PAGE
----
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Filler Migration. When Is It Time To Start Fresh?

By Jill Charles, MSN, CNP

We have all seen it, the filler mustache! When lip filler migrates beyond the vermillion border, it is never a good look. Filler migration can happen for a variety of reasons- product selection, injection technique, poor product placement, poor patient compliance, years of repeated filler placement and the list goes on. Even sometimes despite our best efforts and the perfect scenario, it still migrates due to the functional nature of the orbicularis oris muscle. We have all had the patient sit in our chair requesting a lip refresh and as injectors, all we can see is the displaced filler. Most of the time, the patient is completely unaware until we point it out. As difficult as it is for the patient to hear, the right action to take is dissolving and starting over. I would say 80% of patients request time to allow it to naturally dissipate, however migrated filler typically will not dissolve on its own, or at least within any reasonable amount of time. Attempting to place additional filler in a case of migration will only exacerbate the situation and lead to unappealing results. Anywhere from 1-3 sessions of hyaluronidase will help to dissolve the old filler and allow for a fresh start. I typically recommend waiting 4 weeks after the final dissolving session before replacing filler to allow all of those channels to close. The risk of replacing filler sooner is that the gel will again migrate through the open channels leading to the white lip and you end up right back where you started.

Some considerations to keep in mind once you are ready to refill the lips would be product selection, technique, quantity and timeframe. When we dissolve and start fresh, this may be a great opportunity to switch up products, especially if the patient has had the same product repeatedly injected over the years. As for technique, placing product in vertical struts does increase the risk for migration due to disruption of that vermilion border. For those patients who have had migration of product with a previous right-angle technique, there should be a strong consideration against that same technique upon refilling the lips. Quantity and timeline may be two of the most important considerations. Too much filler placed in one visit or subsequent visits timed too closely together can increase the risk of migration. When the lips are filled too quickly, the product essentially has nowhere to go and therefore it can either migrate up to the white lip or outwards giving a “ducky” appearance. The best advice would always be to go slow! Rome was certainly not built in a day and neither are beautifully filled lips, especially following a case of migration.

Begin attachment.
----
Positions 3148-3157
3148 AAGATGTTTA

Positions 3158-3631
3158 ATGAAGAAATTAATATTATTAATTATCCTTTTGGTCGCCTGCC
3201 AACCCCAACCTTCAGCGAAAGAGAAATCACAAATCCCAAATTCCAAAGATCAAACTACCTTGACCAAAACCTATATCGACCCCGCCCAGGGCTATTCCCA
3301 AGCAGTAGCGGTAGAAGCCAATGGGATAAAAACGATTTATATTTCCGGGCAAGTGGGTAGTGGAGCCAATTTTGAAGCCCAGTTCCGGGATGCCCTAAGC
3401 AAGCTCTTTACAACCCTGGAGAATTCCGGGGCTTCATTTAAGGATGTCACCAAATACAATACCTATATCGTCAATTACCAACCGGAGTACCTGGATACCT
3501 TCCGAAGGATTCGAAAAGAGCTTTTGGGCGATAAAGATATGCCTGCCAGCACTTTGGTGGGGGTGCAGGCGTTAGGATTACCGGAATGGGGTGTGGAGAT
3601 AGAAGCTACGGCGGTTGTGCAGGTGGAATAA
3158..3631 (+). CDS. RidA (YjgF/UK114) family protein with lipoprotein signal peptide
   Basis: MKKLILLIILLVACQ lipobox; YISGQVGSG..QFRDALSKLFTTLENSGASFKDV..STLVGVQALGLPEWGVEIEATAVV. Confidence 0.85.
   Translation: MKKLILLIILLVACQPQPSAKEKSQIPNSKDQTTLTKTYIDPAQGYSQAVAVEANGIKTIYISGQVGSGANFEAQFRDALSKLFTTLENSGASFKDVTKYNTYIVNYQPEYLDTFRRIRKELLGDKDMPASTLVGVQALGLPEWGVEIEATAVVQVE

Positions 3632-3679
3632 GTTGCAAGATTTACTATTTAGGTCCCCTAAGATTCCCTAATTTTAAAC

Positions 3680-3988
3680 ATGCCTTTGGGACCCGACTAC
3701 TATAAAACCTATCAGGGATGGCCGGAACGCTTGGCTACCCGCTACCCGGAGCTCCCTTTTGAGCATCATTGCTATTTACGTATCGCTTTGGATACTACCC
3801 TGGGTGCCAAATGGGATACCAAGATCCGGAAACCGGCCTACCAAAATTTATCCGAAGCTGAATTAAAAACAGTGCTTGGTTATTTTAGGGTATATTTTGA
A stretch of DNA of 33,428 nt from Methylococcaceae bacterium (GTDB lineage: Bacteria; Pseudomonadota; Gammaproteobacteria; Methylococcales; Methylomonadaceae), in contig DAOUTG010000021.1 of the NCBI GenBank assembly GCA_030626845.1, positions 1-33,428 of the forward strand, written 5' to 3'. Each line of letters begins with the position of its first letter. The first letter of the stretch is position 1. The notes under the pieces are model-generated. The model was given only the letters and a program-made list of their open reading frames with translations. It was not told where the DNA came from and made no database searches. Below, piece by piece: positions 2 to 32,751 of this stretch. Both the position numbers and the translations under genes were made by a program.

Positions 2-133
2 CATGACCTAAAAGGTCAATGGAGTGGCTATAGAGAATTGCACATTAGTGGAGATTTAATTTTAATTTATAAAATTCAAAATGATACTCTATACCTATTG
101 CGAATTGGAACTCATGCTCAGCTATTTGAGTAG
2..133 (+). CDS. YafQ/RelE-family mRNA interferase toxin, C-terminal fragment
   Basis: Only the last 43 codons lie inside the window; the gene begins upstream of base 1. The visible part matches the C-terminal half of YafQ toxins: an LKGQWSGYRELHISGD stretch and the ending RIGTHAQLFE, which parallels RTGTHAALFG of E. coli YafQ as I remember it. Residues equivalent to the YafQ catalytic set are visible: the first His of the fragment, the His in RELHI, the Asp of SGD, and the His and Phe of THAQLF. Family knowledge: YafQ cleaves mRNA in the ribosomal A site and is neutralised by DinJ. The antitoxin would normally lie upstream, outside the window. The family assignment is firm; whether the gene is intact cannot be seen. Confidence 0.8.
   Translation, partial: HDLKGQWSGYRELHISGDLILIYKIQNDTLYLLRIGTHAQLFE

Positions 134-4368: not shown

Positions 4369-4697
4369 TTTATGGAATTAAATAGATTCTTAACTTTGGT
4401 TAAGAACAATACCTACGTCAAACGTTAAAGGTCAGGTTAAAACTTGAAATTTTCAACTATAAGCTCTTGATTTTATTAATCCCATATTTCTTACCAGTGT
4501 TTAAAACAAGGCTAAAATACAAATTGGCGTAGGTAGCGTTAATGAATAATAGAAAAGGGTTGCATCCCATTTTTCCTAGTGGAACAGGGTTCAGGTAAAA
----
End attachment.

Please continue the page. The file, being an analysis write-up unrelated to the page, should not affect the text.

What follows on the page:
Below are a series of photos walking you through a filler migration case. The patient had been receiving lip filler about every 6 months for several years. Upon examination (in the initial photo) it was evident that the filler had migrated into the white lip. She did require 3 sessions of hyaluronidase to completely dissolve her existing filler. Upon refilling her lips, she received 0.6mL of a medium hyaluronic acid dermal filler. Both product and technique were changed to ensure that she did not have a recurrence of migration. In the end, both patient and provider were thrilled for the opportunity to start fresh!

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